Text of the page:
Chronic Illnesses: Small Improvements Can Lead to Big Savings


By Scott Schell, MD, Alere Health June 21, 2012

Scott Schell Picture.JPG

Virtually every large to midsize U.S. employer now offers at least one wellness program. While this focus on improving health and productivity among workers is important, one segment of the employee population might be overlooked—those with chronic conditions such as heart disease and diabetes.

Chronic health conditions account for 83 percent of health care and pharmaceutical costs in the United States. Employees with these conditions cost employers more than $500 billion a year in direct medical spending, and the cost of lost productivity frequently is twice as high as actual medical costs. In addition, unhealthy workers often have higher levels of depression and other co-morbidities and experience higher workers’ compensation costs because it takes them longer to recover from injuries. Improving their health and reducing their future health risks can increase productivity and lower overall health care costs.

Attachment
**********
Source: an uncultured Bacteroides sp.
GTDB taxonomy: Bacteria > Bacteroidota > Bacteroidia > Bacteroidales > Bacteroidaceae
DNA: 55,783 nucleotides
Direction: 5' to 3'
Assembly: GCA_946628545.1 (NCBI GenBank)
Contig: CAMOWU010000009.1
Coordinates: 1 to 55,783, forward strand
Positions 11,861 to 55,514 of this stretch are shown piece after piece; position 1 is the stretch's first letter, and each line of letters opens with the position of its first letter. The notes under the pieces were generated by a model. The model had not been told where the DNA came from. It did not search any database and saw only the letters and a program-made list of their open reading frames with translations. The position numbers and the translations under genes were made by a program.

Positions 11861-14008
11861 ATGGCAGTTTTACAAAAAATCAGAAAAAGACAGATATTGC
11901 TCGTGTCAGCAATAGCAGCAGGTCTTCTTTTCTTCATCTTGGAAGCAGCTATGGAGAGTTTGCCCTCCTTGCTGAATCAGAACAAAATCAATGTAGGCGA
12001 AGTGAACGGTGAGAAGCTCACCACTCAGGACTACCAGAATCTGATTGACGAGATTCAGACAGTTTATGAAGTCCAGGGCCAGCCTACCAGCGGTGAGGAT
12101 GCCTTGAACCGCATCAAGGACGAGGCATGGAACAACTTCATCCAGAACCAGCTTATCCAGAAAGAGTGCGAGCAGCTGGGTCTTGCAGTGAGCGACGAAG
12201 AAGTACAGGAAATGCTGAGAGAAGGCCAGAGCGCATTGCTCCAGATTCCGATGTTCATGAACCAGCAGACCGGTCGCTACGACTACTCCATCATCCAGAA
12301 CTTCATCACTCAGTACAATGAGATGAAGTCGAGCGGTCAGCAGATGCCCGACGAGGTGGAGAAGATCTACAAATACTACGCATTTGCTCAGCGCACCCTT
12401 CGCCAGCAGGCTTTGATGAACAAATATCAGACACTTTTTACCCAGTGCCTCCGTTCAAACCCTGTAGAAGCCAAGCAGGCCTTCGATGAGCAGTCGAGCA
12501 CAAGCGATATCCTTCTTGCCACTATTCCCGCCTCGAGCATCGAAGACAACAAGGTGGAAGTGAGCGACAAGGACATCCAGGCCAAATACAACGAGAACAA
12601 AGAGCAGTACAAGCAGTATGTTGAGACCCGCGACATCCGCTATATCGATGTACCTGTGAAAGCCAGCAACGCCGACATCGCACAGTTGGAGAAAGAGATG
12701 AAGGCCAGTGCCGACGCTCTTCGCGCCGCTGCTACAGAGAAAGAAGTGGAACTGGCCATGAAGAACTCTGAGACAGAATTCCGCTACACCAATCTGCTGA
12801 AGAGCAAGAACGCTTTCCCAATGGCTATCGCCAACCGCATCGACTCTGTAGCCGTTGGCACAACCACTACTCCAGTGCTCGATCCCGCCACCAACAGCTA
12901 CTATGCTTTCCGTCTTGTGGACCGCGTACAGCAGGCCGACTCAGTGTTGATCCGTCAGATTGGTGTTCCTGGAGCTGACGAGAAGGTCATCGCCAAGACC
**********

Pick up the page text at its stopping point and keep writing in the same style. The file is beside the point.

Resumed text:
Keep in mind that employees with chronic health conditions can represent an organization’s most experienced and valued workers, in part because they might be older, serve in management positions and possess skills that are important to the organization.

Six Steps to Take

In the early 1990s, a new strategy for caring for employees with chronic illnesses emerged—disease management. The basic concept hasn't changed—highly targeted programs aimed at providing education, medical care and drug therapies and support. But a number of innovations, primarily based on technology, benefit integration and care coordination, have entered the picture to ensure better outcomes and controlled costs. The most effective programs to target employees with chronic illnesses will go beyond standard disease management to incorporate the strategies below.